I am currently beginning a project to migrate from Microsoft Dynamics CRM 4.0 to Microsoft Dynamics CRM Online and thought I’d document it so I remember all the mistakes, missteps and dead ends I encounter on the way.
We are aiming to begin the migration at the end of October and have planned 3 months to complete the switch over, not a lot of time when all the customisations have to be recreated as there is no migration path and there is only one developer doing it.
The Current System
First thing to do is review the current system and find any obvious pain points.
The current system architecture is simple enough:
- All On-Premise Servers
- One SQL Server running 2008 R2 hosting the Databases
- One CRM 4.0 server, serving the front end, webservices and Async Service
- One Server hosing the Email Router
- Two groups of users
- One who exclusively uses Outlook 2007 to access CRM
- One who exclusively uses the Web Interface to access CRM
|Total Database size||285GB|
|Number of Users||120|
|Number of Email Router Users||20|
|Number of integrations||6|
|Number of custom entities||72|
|Number of customised entities||4|
|Number of Workflows||146|
|Number of custom Workflow Activities||36|
|Number of Plugins||18|
Now, those numbers look scary, let’s break them down a bit and see if they can be lowered at all.
Total Database Size
285GB. Two Hundred And Eighty Five Gigabytes.
That’s an awful lot of data when CRM Online comes with just 5gb and additional data is 6.20 GBP per GB per month; over 20,000 GBP per year, what is it all being used for and can we lower it?
A quick trip to SQL Server Management Studio and a run of Disk Usage by Top Tables later shows that 46.9% of the space is used by email attachments.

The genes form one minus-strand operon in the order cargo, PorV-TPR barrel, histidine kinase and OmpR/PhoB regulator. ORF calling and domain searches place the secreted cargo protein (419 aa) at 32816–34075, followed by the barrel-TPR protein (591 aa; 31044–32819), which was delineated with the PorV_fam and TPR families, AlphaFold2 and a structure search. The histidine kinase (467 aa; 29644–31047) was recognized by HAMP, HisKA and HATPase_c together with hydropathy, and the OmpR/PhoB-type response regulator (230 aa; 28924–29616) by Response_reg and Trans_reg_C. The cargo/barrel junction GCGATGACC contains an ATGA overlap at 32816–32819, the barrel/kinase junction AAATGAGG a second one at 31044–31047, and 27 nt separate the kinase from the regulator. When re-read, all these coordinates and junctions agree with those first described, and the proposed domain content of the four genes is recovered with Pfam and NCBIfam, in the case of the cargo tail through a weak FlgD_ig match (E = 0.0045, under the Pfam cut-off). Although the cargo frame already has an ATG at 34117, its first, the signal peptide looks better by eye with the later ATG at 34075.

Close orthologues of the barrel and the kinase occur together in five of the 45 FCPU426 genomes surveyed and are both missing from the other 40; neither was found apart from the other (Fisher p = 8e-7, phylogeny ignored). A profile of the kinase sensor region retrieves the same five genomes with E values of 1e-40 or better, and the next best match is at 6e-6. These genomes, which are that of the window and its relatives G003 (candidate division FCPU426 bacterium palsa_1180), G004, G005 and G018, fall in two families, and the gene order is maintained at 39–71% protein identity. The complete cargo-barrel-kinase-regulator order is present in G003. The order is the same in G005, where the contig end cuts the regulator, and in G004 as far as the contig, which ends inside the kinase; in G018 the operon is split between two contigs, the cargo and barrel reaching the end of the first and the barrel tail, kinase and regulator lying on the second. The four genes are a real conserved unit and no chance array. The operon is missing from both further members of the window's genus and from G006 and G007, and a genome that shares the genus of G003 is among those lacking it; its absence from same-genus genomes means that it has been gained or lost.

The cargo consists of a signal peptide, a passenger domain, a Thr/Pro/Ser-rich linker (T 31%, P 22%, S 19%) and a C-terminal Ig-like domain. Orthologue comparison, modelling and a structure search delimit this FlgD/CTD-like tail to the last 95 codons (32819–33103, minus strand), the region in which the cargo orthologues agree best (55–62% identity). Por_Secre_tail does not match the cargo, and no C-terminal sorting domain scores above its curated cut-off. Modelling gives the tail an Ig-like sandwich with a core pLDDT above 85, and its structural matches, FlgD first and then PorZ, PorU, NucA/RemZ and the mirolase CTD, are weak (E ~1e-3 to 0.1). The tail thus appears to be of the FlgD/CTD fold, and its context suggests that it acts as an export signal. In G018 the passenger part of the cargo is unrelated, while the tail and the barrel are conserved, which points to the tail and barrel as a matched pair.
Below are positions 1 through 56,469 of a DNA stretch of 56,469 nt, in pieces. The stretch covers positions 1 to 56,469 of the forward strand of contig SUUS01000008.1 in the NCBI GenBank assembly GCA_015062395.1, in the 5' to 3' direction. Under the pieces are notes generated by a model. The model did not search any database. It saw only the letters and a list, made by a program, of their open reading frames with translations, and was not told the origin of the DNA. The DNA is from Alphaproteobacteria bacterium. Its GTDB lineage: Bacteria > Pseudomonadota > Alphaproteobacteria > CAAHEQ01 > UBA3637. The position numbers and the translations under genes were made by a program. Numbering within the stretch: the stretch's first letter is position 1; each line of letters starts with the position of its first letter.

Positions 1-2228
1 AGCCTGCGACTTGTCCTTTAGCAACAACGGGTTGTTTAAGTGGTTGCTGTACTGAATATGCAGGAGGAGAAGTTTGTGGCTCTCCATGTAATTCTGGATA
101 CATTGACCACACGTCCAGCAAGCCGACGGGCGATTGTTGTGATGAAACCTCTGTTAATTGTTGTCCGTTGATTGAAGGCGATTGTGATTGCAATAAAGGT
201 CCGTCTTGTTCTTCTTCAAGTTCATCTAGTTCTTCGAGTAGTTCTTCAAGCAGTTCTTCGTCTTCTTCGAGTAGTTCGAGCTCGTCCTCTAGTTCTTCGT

Accounts and Contacts? Less than 2GB. A few more queries show that this database contains data going back to 2008, a total of 8 years of data that has never been cleaned.
We can definitely reduce this number.
Number of custom entities
72 custom entities. That’s 42% of the entities that CRM 4.0 comes with as standard. Surely they aren’t all used?
No, no they are not. Another area that has never been cleaned up, maybe as many as 10 are currently still in use, the others are failed experiments and leftovers from finished programs.
10 is much more manageable.
Number of Workflows
146 Workflows. That’s just crazy talk; we can take it down to 131 straight away as 15 are draft and obviously not in use.
Let’s run an Advanced Find and see when they were last used. 17 Workflows have been used in this year, 37 in the last 2 years.
Now we’re getting somewhere.
Now we have more information and can clearly see that this is a possible migration. A lot of unused customisation is going to be disposed of and the data will need a good scrub on its way through the migration scripts.
The next step is to look at those integrations we glossed over before.